• On November 18, 2020, two Connecticut physicians were implicated in healthcare fraud. While awaiting his probation in New York, one of the physicians continued to practice in a Connecticut emergency room. These physicians were indicted by federal agents in 2017 in New York in an alleged scheme to make false statements in requests for insurance authorizations for diagnostic tests and medical insurance claims. However, the provider has continued to practice in Connecticut hospitals while under probation. Current and future employers of this physician can detect any implications across state lines with a thorough provider screening system. 
  • On November 23, 2020, New Jersey providers were implicated in a statewide opioid-kickback scheme exchanging prescriptions for “substantial payments” accumulating to tens of thousands of dollars. This ongoing scam, committing fraud against insurance companies as well as fueling the ongoing opioid epidemic for personal financial gain, went undetected for years. Employing institutions might have been able to detect irregularities and future employers of these physicians would be alerted of prior implications with proper screening and monitoring software. 
  • As of November 2020, the New Jersey Attorney General’s Office reported fighting a medical board on their intention to reinstate the license of a former chiropractor who was prosecuted for sexual offenses involving underage children. At the end of 2020, despite remaining on the Megan’s Law registry, the chiropractor will be reinstated. Current and future employers of this physician can detect any prior implications across state lines with a thorough provider screening system.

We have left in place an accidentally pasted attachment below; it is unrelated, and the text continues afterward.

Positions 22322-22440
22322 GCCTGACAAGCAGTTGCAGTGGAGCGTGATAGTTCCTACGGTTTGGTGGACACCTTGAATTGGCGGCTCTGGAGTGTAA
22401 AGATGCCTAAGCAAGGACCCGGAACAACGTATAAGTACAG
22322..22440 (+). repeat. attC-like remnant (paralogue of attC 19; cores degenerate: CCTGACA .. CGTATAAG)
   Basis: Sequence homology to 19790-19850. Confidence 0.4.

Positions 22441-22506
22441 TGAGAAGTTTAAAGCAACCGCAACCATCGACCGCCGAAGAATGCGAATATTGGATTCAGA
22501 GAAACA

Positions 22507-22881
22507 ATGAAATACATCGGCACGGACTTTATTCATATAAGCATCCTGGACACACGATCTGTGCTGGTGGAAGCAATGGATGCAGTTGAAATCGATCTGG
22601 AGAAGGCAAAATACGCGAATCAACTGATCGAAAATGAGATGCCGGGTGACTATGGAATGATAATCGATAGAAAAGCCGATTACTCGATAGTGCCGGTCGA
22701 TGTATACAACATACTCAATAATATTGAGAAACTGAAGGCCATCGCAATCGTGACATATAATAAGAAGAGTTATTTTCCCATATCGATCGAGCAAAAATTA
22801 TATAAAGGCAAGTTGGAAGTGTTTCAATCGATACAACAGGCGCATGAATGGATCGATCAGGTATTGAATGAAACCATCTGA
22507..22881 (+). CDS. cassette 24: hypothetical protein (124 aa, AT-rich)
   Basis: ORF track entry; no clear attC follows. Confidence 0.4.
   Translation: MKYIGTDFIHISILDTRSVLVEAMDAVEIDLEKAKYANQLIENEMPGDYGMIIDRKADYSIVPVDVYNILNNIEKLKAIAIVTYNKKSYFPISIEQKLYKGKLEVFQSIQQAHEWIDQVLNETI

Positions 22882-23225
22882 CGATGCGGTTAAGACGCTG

• In December of 2020, a California physician surrendered his license after injuring a woman while performing an abortion. However, this was not the physician’s first offense; the board refused his license after repeated negligent acts and the inability to provide maintained medical documentation. Current and future employers of this physician can detect any past implications across state lines with a thorough provider screening system. 

Although alarming, these fraudulent activities in healthcare are common. The current combination of overwhelmed systems and changing regulations only exacerbates this problem. This small sampling of fraud and abuse at the end of 2020 demonstrates the need to protect healthcare institutions, other providers, and patients by screening and monitoring to prevent provider schemes and fraud.